Solving Medical Mysteries
With Nuclear Medicine
At first glance, nuclear medicine might seem like an oxymoron to those not familiar with the amazing medical advances that have come from working with controlled, low doses of radioactive substances. However, the field of nuclear medicine is used every day, including right here in Flagstaff, to help diagnose and treat various illnesses and health problems.
At Northern Arizona Radiology, specially trained physicians (radiologists) work with imaging technology such as X-rays and nuclear imaging to get a better look at what’s really going on inside a patient’s body. Unlike X-rays, which are basically images of the body from the outside looking in (X-rays passing through the body from an outside source), nuclear imaging views part of the body from the inside looking out, with imaging equipment outside the body picking up traces of radioactive substances from inside the body.
One specialized piece of nuclear imaging equipment used at Northern Arizona Radiology is called the gamma camera. Dating back to the 1950’s, this now highly advanced device can produce pictures of amazing clarity, helping physicians solve medical mysteries by giving them a better look at organs – and the molecular activities going on within them – than ever before.
“The gamma camera specifically, and nuclear imaging in general, provides critical diagnostic information for physicians by detecting a variety of cancers, breast lesions, heart disease and neurological conditions in addition to organ function,” said Edward P. Herman, M.D., a radiologist at Northern Arizona Radiology.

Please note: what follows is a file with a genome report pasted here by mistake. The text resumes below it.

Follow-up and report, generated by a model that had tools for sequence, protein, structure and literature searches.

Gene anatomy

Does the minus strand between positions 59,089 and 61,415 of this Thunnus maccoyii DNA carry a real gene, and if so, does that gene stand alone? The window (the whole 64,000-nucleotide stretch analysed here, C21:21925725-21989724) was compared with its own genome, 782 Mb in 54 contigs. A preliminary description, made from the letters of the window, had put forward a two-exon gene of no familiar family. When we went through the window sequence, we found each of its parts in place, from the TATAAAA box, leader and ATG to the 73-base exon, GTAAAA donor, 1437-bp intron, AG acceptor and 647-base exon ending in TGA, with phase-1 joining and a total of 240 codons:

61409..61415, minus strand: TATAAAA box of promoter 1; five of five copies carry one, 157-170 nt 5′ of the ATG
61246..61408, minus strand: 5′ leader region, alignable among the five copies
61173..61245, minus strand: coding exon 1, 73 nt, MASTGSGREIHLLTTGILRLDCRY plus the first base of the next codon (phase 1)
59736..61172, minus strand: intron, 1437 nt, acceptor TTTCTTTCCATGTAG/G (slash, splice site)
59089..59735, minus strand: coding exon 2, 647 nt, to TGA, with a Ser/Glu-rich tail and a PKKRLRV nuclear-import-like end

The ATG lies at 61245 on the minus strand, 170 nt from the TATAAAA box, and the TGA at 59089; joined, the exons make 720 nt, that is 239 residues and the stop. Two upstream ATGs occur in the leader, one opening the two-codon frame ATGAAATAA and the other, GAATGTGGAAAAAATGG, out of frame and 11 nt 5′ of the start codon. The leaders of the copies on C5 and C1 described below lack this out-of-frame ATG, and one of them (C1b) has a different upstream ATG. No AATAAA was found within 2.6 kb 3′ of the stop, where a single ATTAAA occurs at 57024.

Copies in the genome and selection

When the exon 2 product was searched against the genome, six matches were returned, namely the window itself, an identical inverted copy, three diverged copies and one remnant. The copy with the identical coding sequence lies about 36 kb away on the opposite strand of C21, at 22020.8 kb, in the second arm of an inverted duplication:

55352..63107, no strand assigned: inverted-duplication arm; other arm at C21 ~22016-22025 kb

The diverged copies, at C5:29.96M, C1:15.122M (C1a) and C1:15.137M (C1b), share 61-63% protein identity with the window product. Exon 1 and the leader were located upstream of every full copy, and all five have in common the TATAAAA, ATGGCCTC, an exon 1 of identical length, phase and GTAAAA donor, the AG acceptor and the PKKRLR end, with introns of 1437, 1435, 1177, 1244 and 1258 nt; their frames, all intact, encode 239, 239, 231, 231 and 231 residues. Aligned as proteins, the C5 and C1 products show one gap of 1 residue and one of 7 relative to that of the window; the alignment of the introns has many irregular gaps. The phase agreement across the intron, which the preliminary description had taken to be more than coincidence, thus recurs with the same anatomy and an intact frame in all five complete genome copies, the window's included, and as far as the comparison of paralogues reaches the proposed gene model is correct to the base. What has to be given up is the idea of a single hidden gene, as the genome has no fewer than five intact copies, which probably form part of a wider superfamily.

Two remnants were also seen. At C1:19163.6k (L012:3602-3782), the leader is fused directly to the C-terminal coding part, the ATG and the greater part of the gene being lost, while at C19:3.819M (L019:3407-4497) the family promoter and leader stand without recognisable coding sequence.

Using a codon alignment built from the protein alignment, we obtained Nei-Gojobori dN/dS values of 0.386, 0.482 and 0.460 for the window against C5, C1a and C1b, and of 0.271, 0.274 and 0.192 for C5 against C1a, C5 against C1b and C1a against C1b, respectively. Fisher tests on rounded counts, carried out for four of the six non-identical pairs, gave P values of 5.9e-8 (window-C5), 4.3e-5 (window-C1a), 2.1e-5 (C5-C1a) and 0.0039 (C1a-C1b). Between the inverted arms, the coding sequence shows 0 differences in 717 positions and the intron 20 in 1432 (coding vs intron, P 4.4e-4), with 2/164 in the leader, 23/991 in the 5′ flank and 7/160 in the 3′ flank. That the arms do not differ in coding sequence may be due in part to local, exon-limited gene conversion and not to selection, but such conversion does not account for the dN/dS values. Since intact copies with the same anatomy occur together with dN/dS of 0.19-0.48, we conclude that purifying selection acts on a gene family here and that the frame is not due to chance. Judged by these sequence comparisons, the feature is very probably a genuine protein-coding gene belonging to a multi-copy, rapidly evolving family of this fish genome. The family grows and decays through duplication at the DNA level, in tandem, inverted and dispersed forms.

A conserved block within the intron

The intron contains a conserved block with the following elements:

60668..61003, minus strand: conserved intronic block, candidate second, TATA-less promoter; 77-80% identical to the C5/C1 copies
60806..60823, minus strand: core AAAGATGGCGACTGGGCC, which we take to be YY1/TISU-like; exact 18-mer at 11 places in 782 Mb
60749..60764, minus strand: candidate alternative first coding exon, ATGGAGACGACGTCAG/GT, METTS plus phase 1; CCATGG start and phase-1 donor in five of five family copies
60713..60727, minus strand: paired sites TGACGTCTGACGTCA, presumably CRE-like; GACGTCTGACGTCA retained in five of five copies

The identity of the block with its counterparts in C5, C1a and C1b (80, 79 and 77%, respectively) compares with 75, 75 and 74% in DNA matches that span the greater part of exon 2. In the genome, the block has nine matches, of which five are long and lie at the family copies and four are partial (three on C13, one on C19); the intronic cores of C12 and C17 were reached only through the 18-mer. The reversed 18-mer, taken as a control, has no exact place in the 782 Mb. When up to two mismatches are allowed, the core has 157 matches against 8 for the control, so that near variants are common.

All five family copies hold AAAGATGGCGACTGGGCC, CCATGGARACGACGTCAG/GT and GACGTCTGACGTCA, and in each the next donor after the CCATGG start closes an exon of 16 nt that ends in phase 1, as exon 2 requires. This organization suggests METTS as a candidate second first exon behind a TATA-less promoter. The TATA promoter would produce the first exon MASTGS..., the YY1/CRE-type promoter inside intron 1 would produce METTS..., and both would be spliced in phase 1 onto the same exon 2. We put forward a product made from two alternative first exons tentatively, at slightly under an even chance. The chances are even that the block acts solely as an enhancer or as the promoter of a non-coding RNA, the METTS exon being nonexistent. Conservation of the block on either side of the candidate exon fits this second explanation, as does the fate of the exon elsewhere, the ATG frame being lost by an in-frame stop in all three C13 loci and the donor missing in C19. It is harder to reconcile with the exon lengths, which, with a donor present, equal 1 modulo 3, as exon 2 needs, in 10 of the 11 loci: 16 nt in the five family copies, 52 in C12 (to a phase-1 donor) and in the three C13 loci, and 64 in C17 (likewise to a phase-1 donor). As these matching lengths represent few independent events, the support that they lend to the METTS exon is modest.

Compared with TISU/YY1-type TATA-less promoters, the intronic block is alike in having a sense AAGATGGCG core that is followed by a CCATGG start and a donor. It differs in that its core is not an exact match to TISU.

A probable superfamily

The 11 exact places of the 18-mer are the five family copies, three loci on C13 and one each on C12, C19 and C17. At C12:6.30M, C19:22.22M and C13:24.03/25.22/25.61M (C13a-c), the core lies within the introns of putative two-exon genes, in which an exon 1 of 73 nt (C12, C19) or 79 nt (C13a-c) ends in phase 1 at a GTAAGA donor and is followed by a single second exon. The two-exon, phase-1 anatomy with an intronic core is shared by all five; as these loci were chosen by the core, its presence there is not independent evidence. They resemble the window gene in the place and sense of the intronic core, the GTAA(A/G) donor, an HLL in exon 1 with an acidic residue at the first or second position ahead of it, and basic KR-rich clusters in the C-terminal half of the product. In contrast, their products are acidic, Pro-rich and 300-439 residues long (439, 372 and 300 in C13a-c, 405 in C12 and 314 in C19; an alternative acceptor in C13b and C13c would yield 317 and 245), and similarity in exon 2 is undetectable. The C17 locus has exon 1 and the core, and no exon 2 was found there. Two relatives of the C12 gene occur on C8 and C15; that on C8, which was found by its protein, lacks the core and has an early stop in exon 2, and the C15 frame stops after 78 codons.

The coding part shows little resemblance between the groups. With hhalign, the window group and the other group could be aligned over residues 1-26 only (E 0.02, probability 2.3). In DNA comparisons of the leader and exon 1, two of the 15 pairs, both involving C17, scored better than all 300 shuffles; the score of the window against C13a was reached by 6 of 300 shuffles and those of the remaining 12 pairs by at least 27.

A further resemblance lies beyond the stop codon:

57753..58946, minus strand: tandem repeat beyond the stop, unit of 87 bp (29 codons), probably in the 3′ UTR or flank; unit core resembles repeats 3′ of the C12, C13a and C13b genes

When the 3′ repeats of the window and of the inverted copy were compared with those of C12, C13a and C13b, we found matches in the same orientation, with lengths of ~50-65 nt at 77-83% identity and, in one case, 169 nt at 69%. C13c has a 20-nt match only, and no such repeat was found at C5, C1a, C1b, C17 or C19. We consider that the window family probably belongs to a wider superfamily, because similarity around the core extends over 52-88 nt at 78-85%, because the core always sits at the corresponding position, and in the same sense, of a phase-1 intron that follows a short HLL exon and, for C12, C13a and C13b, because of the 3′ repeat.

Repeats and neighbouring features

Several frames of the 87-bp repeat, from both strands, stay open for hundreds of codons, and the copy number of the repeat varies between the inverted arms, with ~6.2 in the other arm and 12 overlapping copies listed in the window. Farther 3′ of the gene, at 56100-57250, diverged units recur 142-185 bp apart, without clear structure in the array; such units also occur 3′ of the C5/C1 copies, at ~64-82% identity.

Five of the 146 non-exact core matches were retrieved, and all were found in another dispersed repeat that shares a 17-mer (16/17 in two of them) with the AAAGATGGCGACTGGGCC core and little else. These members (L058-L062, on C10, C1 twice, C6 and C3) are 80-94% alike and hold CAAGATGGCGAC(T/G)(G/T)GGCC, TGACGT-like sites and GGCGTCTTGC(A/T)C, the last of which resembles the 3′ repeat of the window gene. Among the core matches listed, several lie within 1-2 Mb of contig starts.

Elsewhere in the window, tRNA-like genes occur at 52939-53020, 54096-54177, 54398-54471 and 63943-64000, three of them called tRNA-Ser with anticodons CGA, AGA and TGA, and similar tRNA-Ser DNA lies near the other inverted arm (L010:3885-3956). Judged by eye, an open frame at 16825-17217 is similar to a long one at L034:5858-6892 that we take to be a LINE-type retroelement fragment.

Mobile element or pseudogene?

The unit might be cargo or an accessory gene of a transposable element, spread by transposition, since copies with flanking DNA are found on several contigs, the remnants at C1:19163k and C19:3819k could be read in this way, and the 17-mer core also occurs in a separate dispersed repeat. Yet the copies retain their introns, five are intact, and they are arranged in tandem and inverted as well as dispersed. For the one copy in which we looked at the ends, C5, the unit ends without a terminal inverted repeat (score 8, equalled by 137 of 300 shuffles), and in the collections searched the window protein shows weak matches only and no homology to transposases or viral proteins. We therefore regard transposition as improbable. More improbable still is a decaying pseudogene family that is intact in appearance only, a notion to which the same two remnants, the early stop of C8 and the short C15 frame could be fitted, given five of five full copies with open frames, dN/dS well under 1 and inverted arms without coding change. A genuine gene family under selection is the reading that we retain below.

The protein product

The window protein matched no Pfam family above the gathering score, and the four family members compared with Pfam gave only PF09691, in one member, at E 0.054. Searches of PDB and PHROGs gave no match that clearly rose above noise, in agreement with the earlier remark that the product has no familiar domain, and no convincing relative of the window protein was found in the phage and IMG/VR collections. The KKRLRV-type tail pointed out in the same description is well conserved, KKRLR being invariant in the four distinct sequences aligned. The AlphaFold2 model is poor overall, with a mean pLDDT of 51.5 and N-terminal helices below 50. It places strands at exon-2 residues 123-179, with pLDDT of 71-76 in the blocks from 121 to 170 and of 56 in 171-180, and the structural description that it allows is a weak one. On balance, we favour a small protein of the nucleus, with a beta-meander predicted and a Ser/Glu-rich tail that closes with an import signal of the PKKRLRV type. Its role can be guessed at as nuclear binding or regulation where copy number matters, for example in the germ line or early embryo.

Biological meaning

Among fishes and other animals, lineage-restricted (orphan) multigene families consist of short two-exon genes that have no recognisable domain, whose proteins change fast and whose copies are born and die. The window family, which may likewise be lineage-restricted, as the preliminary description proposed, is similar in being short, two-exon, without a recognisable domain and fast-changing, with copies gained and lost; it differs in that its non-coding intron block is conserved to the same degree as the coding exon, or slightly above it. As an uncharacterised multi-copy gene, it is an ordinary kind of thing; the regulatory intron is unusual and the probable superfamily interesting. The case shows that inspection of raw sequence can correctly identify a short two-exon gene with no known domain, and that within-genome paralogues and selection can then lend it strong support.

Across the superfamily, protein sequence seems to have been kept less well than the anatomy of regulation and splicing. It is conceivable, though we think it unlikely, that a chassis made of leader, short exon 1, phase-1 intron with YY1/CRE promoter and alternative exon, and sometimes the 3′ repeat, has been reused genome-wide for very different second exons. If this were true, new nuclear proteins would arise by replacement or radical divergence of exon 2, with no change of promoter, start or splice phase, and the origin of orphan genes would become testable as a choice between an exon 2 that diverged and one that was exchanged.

Diagnostic imaging procedures performed with the gamma camera include bone scans, thyroid function testing, lymph node imaging, and kidney and gallbladder scans. According to Herman, advances in nuclear imaging have enabled an increasing number of procedures to be done on an outpatient basis, avoiding hospital admission.
Radiologists appreciate the camera’s full range of motion, which enables it to be moved in practically any position around the patient. Patients love the open design, which is much more comfortable and can accommodate a wide range of patient sizes and mobility.
Edward P. Herman, M.D.
Board certified radiologist with additional training in interventional radiology, MRI and nuclear cardiology. He is based in Flagstaff, Arizona.